Strong Assam from Shanti Tea

Tea Information:

Leaf Type:  Black

Where to Buy:  Shanti Tea

Product Description:

Fair Trade Certified & Organic Black Tea

This lowland tea known for its rich aroma and strong, malty flavor is named after its origin, Assam, in North-East India. Our Strong Assam tea is cultivated at the famous Rembeng Estate, a 100% organic tea garden and the pioneering organic estate in the region, making their teas highly sought after. Dark and copper-colored, it is a full-bodied broken leaf black tea that is great for lovers of a strong morning cup of tea. The rich flavors are accentuated by adding milk and sugar.

Taster’s Review:

W0w!  When they say strong, they mean STRONG!  This is one seriously bold, in-your-face Assam!

This is a bold and robust tea, but, there is a lot more going on than just mere strength.  It has such a lovely complexity to it.  There are delicious undertones of sweetness that remind me of caramelized fruit.  This is a note that comes through on the aroma, and carries through to the sip:  when I first inhaled the fragrance, I could smell the distinctive caramel scent, and then upon tasting – DELICIOUS!

There are also hints of fruit and spice, as well as a very malty quality to this tea – the combination of the malt and caramel is quite yummy.  This combination is further enhanced with a splash of milk as it lends a creaminess to the malt and caramel.

I recommend careful steeping parameters with this one.  You don’t need to use a little extra leaf because this tea is plenty strong without it, in fact, you might find that it’s too strong with extra leaf.  So I recommend using just 1 teaspoon for your first tasting, and then experimenting to find your perfect cuppa.  Also, watch your timer carefully!  2 1/2 minutes is the perfect time for this tea (at least, for me!) but don’t go over 3 minutes for your first tasting, as it will become bitter.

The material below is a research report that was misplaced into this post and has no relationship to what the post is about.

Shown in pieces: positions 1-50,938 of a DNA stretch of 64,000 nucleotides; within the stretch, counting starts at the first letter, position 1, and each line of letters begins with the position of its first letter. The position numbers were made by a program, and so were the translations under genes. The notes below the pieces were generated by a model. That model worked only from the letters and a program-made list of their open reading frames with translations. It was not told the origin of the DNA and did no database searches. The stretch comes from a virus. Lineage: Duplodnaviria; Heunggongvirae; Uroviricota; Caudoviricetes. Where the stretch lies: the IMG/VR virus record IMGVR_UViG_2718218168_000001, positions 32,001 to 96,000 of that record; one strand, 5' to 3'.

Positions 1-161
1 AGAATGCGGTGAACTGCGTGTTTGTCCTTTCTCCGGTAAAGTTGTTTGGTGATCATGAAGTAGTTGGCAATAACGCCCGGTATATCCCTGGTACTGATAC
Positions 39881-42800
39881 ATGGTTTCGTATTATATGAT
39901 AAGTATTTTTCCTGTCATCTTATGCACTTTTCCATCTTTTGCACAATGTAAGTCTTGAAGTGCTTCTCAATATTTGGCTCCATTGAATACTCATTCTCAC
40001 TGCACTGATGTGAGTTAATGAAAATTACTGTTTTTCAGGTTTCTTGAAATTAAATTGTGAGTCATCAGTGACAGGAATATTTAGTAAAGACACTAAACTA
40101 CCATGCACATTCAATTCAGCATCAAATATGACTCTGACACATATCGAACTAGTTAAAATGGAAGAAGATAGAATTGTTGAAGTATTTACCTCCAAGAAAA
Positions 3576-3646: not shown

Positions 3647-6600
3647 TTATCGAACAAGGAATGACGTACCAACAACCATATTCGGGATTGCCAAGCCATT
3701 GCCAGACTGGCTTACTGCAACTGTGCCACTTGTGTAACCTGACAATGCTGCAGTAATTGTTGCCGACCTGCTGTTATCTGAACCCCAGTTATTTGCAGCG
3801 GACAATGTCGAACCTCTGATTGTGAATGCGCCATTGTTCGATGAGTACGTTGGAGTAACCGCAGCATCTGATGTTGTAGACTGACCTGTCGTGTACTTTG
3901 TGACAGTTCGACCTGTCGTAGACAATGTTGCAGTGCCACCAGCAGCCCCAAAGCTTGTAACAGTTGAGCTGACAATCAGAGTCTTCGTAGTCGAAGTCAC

This is delicious hot or iced, but I prefer it hot, it is a delightful “cold, foggy morning” kind of tea!  It helps you clear the fog in your head after a not-so-great night’s sleep (or even if you’ve had a good one!)  If you’d rather head back to bed, but can’t because you’ve got to “seize the day” – this tea will get you headed in that direction!  This tea has got bite to it, so if you need to soften that edge, a little drizzle of agave nectar will do the trick.

An excellent Assam!

Assam Tippy – Khongea Estate from TeaVert

Tea Information:

Leaf Type:  Black

Where to Buy:  TeaVert

Product Description:

This tea has large elegant leaves with golden tips, and it is an orthodox rolled black tea. Golden tips, or buds on the leaves, increase the sweetness of the tea. Larger-leaf teas are generally rarer and twice as expensive to produce.

TGFOP translates to Tippy Golden Flowery Orange Pekoe. Teas from Khongea tea estate are always rich in flavor, deeper, and malted.

Taster’s Review:


I love writing about tea (obviously, right?) but it becomes a true JOY when I have a tea such as this about which to write.  This tea is one of the very best Assam teas that I’ve ever tasted.

It has a robust flavor that is very malty.  One of the maltiest teas I’ve yet to encounter.  It is a very rich and delicious tea.  It has real GUSTO and is strong enough to get me going in the morning.  There is some astringency at the tail, but because of the malty flavor that seems to coat the palate, the astringency does not effect the palate in the same way as some other black teas might.  Interesting … and delightful!

There is a chewy flavor and texture to this tea that most Assam teas that I’ve tasted only hint toward but this one really delivers.  It has a baked quality to it and it would be delightful to serve along with freshly baked scones!  It would actually compliment the deliciously biscuit-y character of the scones quite nicely.